June 10, 2010

The F.I.T. Challenge

For over a year now, Bishop Trimble has been talking about the F.I.T. Challenge.  And I think tonight, for the first time, I really understood how genius this very simple, simple concept is.

F.I.T. stands for Focus, Invest, and Tell.  It is the overarching framework for ministry in Iowa. I don't have the brochure and all the details with me, but basically, we can't do everything so we need to focus in on what is important, get people to invest their time and talents into it, and then above all, tell the stories of Jesus and transformed lives.

It also very nicely fits into a conference focus on health and wellness - especially for our clergy.  At conference this year, two men got up and shared their stories about how they were inspired by the F.I.T. challenge to lose weight and one lost 75 lbs in a year and the other lost 150!  Now that was some focus, investment into their health, and then some wonderful witnessing!

Tonight, at a mission team meeting, we were all over the place trying to figure out what our next projects should be.  One person on the team brought up how nice it would be to FOCUS on one project and really make it come alive as a congregation.  I think in the end, we decided that focusing on smaller projects, but one per month might be a more suitable option for where our church is right now... although I think in a year or two, also having one big project that we can continually support would be wonderful.

Anywho... One of the other suggestions this new team member had was that we should have a mission celebration and TELL the stories of what we have done so far this year.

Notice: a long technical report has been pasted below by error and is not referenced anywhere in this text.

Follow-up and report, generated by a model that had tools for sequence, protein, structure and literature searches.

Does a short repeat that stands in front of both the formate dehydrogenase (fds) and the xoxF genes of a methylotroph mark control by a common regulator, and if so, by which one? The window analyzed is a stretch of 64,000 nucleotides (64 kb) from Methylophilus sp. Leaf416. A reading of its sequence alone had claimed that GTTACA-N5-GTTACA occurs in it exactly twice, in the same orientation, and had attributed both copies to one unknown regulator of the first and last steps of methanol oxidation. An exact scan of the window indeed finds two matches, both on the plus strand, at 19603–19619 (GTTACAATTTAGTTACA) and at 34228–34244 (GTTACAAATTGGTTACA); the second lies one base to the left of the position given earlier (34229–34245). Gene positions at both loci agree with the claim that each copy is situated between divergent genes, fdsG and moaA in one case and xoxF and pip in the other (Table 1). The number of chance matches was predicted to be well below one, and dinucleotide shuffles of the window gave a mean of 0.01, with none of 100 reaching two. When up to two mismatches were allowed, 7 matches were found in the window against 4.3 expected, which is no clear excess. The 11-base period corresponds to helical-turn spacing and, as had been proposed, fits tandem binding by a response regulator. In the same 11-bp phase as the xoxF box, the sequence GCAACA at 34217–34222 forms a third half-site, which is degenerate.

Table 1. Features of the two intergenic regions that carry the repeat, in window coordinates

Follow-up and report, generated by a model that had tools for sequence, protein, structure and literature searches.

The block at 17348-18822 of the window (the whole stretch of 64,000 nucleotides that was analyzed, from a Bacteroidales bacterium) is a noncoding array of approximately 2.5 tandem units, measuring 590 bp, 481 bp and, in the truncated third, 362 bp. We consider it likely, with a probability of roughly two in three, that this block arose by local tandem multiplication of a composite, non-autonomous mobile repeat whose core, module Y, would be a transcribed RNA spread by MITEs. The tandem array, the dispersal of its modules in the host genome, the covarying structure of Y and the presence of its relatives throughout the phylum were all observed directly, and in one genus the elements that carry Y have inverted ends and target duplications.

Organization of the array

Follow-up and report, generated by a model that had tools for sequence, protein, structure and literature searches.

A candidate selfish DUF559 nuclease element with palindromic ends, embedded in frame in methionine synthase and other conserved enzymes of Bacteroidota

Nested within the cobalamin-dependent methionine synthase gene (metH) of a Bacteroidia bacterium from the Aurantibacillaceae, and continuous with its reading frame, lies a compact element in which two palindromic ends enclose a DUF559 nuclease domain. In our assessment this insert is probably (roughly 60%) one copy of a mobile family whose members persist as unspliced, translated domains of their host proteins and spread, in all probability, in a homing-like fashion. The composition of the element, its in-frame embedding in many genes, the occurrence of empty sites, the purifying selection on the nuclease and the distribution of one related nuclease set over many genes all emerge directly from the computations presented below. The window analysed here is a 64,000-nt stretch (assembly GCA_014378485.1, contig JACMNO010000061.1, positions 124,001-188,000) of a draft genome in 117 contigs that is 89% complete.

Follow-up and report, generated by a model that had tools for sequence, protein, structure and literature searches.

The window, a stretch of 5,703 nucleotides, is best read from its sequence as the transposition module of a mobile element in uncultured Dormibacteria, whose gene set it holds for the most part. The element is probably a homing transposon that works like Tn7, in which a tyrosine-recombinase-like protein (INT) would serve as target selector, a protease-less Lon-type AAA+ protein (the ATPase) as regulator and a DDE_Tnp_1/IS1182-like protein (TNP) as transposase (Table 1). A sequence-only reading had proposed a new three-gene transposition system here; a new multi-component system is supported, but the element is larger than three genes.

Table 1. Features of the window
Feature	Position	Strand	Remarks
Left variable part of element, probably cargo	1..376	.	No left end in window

Our conference has this thing called Rainbow Covenant.  Churches are encouraged to give in mission - first by paying their apportionments, and then by supporting general categories of mission.  To be a 2nd mile giver, we are asked to give to all seven categories of mission (each represented by a color of the rainbow). But do you think that we had taken the time to really explain this to the church?  Do you think that anyone beyond our mission team knew what we were doing with all of these different projects?  No. Not really.

Bishop Trimble's F.I.T. challenge teaches us that while having a focus is important, we also have to get people to invest in what we are doing.  And I think the number one way that we do that is by telling the story.  We have to show what a difference this ministry can make and then, we have to celebrate the ways we have been giving in mission.

In some ways we have done this already.  Our most successful mission projects have been the ones where we had a hands on connection.  We raised nearly $1500 for the Personal Energy Transportation (PET) Project... mostly because we actually brought in a PET and let people see it and rode it around during worship and had this huge connection with what the money would be used for.  We told the story.  And people were instantly invested.

So, out of our conversation tonight, we are going to create a yearly mission celebration Sunday where we lift up what we have been doing as a congregation.  And we are going to create a bulletin board that demonstrates our progress with the rainbow covenant and we are going to fill in the rainbow of colors with our mission giving money, with pictures and with stories of the projects we have worked on so far. 

I told a friend tonight that I feel like it was both a "lightbulb" moment and an  "I can't believe I'm so dumb as to not think of this before" moment.  While I had heard over and over and over again about the F.I.T. challenge, I don't think I thought to apply it to our church ministry.  But how simple is it to use in our mission team.  To lift up the focus projects, to help people invest, and to tell the stories of success and transformation.  And what if we did that with worship?  Focusing on God, investing our time and energy into helping people connect in new ways and helping them invest their time and energy, and telling the stories of Jesus?  or with our PPR?  Or education team? 

It's so simple. It's genius, really.

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